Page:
‘Constellation’ Review: Noomi Rapace Unravels in Uneven Apple TV+ Sci-Fi Thriller

The show from creator Peter Harness quadruples the runtime of a familiar movie premise

Noomi Rapace in "Constellation." (Apple)

“Constellation” is a TV show with a movie premise: After a disaster at the International Space Station that a lone astronaut just barely escapes, she starts to have reality-bending experiences in her life back on Earth. (In fact, this was a movie, albeit a less fantastical version, called “Lucy in the Sky” — the first feature film from revered TV creator Noah Hawley.) What’s most interesting about this Apple TV+ show, at least at first, is that rather than simply stretching out what seems like a two-hour idea, it uses the structure of television to unmoor its audience, just as Jo (Noomi Rapace) finds herself adrift and confused in a life she’s supposed to recognize.

There’s a bit of clever, subtle bait-and-switch in the first few episodes of “Constellation,” which may be why the first three are premiering together. It seems like the first episode will take us through the mysterious collision that sends the ISS into disrepair, creating strong odds against Jo’s survival, which she will then beat, setting the stage for on-planet psychological distress in the aftermath. But the space sequences extend well into the second episode, and the bleeding between Jo’s life before, during and after her mission continues as the series goes on. The show keeps returning to a sequence of Jo and her 10-year-old daughter Alice (Rosie and Davina Coleman) making their way across a snowy landscape, with mom and child each seeing the other perform trippy disappearing acts. In the first few episodes, it’s purposefully unclear when exactly this is happening, nevermind why; the show’s path through space and time is not as clear-cut as it initially appears.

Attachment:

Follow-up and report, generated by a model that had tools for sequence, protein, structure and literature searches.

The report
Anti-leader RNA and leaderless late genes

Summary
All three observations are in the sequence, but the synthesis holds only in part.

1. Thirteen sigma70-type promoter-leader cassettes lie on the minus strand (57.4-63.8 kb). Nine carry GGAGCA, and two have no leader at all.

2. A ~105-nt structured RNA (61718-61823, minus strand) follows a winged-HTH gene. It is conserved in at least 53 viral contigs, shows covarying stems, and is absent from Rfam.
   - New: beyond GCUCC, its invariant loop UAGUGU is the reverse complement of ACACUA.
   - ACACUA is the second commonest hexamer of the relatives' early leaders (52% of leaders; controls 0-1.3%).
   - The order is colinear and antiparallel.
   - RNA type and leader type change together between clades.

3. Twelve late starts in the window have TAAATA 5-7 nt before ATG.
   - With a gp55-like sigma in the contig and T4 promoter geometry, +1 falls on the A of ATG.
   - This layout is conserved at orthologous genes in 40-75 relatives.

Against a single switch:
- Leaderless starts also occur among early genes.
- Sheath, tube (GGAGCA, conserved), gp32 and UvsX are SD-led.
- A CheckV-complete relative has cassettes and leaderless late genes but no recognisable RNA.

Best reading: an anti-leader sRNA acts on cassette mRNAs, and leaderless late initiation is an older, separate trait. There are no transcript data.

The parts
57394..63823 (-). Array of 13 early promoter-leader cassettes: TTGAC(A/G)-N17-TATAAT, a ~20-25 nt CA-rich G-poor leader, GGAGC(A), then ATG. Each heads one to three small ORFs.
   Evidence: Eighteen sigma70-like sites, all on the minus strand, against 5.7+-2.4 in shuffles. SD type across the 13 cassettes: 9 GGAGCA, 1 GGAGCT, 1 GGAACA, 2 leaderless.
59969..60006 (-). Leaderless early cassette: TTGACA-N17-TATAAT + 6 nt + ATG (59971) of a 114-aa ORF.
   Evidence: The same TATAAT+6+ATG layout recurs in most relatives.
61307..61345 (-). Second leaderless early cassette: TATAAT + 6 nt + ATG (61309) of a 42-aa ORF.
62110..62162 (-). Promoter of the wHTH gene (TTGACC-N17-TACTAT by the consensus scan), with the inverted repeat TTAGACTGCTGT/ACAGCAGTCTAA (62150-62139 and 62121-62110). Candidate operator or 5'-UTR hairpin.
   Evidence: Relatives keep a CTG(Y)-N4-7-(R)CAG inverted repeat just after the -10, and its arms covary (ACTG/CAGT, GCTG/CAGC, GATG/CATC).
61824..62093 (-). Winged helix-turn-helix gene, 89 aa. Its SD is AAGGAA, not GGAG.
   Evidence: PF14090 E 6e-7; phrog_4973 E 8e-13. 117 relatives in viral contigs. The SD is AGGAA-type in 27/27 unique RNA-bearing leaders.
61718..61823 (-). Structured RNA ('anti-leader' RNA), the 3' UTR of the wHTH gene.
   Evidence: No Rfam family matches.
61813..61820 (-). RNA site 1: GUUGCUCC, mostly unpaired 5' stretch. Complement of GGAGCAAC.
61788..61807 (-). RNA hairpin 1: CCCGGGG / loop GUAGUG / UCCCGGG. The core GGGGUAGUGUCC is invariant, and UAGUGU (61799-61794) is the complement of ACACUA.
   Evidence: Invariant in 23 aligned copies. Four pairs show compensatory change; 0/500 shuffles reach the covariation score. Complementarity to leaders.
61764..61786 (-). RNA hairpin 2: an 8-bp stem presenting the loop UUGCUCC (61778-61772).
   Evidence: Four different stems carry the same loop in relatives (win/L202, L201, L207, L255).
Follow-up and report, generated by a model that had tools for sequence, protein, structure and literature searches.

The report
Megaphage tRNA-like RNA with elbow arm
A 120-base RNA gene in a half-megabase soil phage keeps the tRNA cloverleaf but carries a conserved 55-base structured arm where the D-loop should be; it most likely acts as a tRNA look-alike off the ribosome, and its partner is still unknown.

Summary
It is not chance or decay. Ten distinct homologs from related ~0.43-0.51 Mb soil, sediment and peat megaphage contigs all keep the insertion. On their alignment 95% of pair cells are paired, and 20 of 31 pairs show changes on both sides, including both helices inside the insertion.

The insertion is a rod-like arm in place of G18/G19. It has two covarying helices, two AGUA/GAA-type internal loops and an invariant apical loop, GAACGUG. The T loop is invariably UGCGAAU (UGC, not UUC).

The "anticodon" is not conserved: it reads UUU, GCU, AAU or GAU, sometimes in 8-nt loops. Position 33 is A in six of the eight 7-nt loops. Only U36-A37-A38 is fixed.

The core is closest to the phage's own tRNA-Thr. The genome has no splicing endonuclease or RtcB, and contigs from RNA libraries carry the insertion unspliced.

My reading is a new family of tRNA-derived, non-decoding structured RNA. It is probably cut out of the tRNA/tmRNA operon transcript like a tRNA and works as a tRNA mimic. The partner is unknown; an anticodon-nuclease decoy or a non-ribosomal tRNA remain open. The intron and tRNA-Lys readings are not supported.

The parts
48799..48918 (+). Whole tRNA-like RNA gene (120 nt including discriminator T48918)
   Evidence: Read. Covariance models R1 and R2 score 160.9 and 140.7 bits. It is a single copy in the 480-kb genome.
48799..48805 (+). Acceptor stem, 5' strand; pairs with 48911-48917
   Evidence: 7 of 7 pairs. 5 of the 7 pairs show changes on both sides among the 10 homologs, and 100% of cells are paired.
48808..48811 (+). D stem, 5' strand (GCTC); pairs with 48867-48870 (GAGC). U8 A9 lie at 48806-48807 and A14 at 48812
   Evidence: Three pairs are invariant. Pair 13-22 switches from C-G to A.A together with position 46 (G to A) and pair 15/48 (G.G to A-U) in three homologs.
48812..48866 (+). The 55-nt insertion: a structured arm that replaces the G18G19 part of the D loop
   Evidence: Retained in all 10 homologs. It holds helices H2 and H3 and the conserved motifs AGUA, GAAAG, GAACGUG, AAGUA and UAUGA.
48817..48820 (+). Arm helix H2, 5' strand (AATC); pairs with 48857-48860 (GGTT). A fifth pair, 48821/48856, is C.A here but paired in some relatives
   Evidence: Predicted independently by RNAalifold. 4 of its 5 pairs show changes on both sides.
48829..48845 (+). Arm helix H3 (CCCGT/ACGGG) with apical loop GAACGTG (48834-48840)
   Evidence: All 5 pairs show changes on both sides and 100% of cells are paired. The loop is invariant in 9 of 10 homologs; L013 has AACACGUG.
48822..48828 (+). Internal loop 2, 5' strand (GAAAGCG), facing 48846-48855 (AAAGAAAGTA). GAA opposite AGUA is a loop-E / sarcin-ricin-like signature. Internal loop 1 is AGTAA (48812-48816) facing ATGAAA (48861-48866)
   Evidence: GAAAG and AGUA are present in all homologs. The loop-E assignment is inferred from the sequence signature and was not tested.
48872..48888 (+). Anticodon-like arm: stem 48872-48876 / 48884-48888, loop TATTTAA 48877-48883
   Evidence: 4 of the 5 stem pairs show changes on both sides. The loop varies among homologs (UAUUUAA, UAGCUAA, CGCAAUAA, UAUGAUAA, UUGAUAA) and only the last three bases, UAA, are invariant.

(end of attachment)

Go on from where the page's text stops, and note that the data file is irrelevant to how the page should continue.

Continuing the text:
We gradually learn a bit more about Jo and her husband Magnus (James D’Arcy), as well as former astronaut and current NASA scientist Henry (Jonathan Banks), who is most interested in the project data and equipment that Jo has rescued from the ISS – and a few hours after its promising start, the show does indeed start to sag, though not with extra bloat. That intimacy is both a novelty and an eventual hindrance. “Constellation” hews so closely to a few points of view, and provides so few fleshed-out characters outside of Jo’s family and Henry, that its reality-bending starts to feel like a tedious loop: Jo has weird experiences, ranging from minor (misremembering the color of her family’s car) to major (becoming convinced Alice isn’t her “real” daughter); others look at her askance and wonder what’s wrong; Jo tries to shake it off and push through; then repeat, occasionally intercut with the same type of disorientation happening to Henry.

Jonathan Banks in “Constellation.” (Apple)

That so much of Jo’s strife involves her young daughter also means the show treats its audience to the repeated variations on scenes of separation, alienation and traumatization that often feels harrowing without much actual insight into parent-child relationships – a big ask, in other words, for anyone bothered by seeing children upset more or less nonstop. The show does turn the common practice of casting twins in a single role into a smartly unnerving touch; whether or not folks behind the scenes actually designated certain scenes for one twin or the other, the mere suggestion of it fits the show’s uncanny vibes. Still, that’s more gimmick than performance.

Noomi Rapace is a wonderful actress, but we get so much of her here — specifically, so much of her bugging out her eyes looking stricken, terrified or confused — that she winds up appearing paradoxically, unfairly limited.

Rosie/Davina Coleman and Noomi Rapace in “Constellation.” (Apple TV+)

“Constellation” raises plenty of intriguing sci-fi questions: Is Jo dealing with branched timelines, some kind of memory alteration, or a post-space madness that may have afflicted astronauts throughout the ages? (The narrative indulges in some neat fake history as it imagines executed, albeit troubled, versions of IRL-scrapped NASA missions like Apollo 18.) The show doesn’t quite descend into guessing-game withholding, and the sharp, chilly tone of its imagery evokes the wintry desolation of space even when Jo isn’t actually at the ISS or traipsing through the snow — tricky mirror shots abound. But the show keeps circling itself, the kind of looping that’s easier to sustain in — sorry — a feature film.

It’s ultimately hard not to wonder whether the structural advantages of a miniseries are really worth the quadrupled running time.

“Constellation” premieres Wednesday, Feb. 21, on Apple TV+.


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